stub: Higher consciousness, also called superconsciousness (Yoga), Buddhic consciousness (Theosophy), cosmic consciousness and God-consciousness (Sufism and Hinduism)--to name but a few--are expressions used in various spiritual traditions to denote the consciousness of a human being who has reached a higher level of evolutionary development and who has come to know reality as it is. Evolution in this sense is not that which occurs by natural selection over generations of human reproduction but evolution brought about by the application of spiritual knowledge to the conduct of human life. Through the application of such knowledge (traditionally the preserve of the world's great religions) to practical self-management, the awakening and development of faculties dormant in the ordinary human being is achieved. These faculties are aroused by and developed in conjunction with certain dispositions of character such as patience, kindness, truthfulness, humility and forgiveness towards one's fellow man – qualities without which higher consciousness is not possible.

Concept

The concept of higher consciousness rests on the understanding that the average, ordinary human being is only partially conscious due to being under the sway of inferior impulses and preoccupations. As a result, most humans are considered to be asleep (to reality), even as they go about their daily business. Gurdjieff called this ordinary condition of humanity 'waking sleep' an idea gleaned in part from ancient spiritual teachings such as those of the Buddha. In each person lie potentialities that remain inchoate as a result of the individual being caught up in mechanical, neurotic modes of behaviour where the correct use of energy for personal spiritual development has not been understood but is squandered in unskillful ways. As a result of the phenomenon of projection the cause of such a person's suffering is often seen to lie in outer circumstances or other individuals. One prerequisite for the development of consciousness is the understanding that suffering and alienation are one's own responsibility and dependent on the mind's acquiescence (through ignorance, for example). Traditionally, both in the Eastern and the Abrahamic spiritual traditions a person who sought mind-body transformation came under the tutelage of a Master (Rabbi, Sheikh, Guru, Acarya, etc) who would oversee their progress. In the past, as today, this education would often involve periods of retreat in communities (ashrams, monasteries, meditation centers etc.) whose sole purpose is the cultivation of awakening.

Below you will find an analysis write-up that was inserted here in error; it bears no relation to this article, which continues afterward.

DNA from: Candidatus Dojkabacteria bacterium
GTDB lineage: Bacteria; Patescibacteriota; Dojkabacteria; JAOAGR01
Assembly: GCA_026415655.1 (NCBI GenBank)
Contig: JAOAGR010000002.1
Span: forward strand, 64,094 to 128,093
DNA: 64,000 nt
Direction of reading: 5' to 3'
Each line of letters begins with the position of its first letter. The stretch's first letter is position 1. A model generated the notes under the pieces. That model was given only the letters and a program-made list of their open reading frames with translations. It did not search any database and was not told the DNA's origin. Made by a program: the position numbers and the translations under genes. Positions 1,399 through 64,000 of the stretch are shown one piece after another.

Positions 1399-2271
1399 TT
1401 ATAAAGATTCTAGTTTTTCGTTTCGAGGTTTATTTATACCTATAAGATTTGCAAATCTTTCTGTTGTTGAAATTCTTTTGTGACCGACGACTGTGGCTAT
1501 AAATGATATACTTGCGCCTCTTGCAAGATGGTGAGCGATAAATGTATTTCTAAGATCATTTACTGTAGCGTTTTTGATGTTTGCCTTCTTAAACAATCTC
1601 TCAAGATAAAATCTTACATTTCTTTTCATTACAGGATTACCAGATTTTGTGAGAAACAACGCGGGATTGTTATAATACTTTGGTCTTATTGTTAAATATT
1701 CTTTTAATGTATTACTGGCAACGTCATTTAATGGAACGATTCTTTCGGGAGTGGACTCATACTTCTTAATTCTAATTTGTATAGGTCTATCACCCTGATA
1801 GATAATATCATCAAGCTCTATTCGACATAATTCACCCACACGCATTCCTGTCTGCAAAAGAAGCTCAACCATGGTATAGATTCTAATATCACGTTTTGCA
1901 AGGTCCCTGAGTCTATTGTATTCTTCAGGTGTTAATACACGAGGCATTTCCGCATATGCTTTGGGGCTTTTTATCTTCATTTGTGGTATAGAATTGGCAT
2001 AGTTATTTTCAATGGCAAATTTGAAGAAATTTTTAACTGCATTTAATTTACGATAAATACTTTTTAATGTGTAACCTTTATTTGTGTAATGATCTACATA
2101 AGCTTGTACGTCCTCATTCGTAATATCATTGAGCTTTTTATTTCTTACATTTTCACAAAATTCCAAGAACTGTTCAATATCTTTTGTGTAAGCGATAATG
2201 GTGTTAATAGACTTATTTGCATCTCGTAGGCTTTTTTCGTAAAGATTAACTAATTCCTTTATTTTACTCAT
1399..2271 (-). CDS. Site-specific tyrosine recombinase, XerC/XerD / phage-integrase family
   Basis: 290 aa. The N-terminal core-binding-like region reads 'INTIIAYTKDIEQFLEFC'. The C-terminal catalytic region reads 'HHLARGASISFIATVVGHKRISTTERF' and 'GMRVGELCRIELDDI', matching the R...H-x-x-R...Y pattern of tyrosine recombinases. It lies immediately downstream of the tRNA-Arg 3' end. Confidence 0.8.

Ordinary consciousness as projection

In the spiritual traditions of India, consciousness is understood to be obscured by defilements (Skt: Kilesa) which are compared to clouds covering the sun. These defilements are the result of conditioning (Skt:samskara), accumulations in the unconscious caused by past actions (karma) . As a result, what any individual perceives as reality is a picture of the world at one particular moment filtered through his unconscious conditioning – a ‘reality’ that western psychology calls ‘projection’ (i.e., of the contents of the unconscious). Every individual human being has their own store of conditioning based on their unique past experiences. The goal of spiritual practice (buddhadharma, shariah, yoga etc) is the transformation and higher integration of these contents so that any practitioner following a spiritual path comes closer to reality as the causes of delusion are dissolved. Enlightenment (also called salvation, kaivalya, moksha, Union with God,etc) furthermore, involves the complete dissolution of all the causes for future becoming so that reality is seen, finally, as it is, rather than through the veils of projected unconscious contents. It may be protested that the mere possession of an apparatus such as the mind and body of a human being with its genetically predetermined structures prevents the possibility of unconditioned consciousness (Skt: asankhata-nana or nibbana) but the testimonials of numerous saints and mystics throughout history bear witness to the contrary.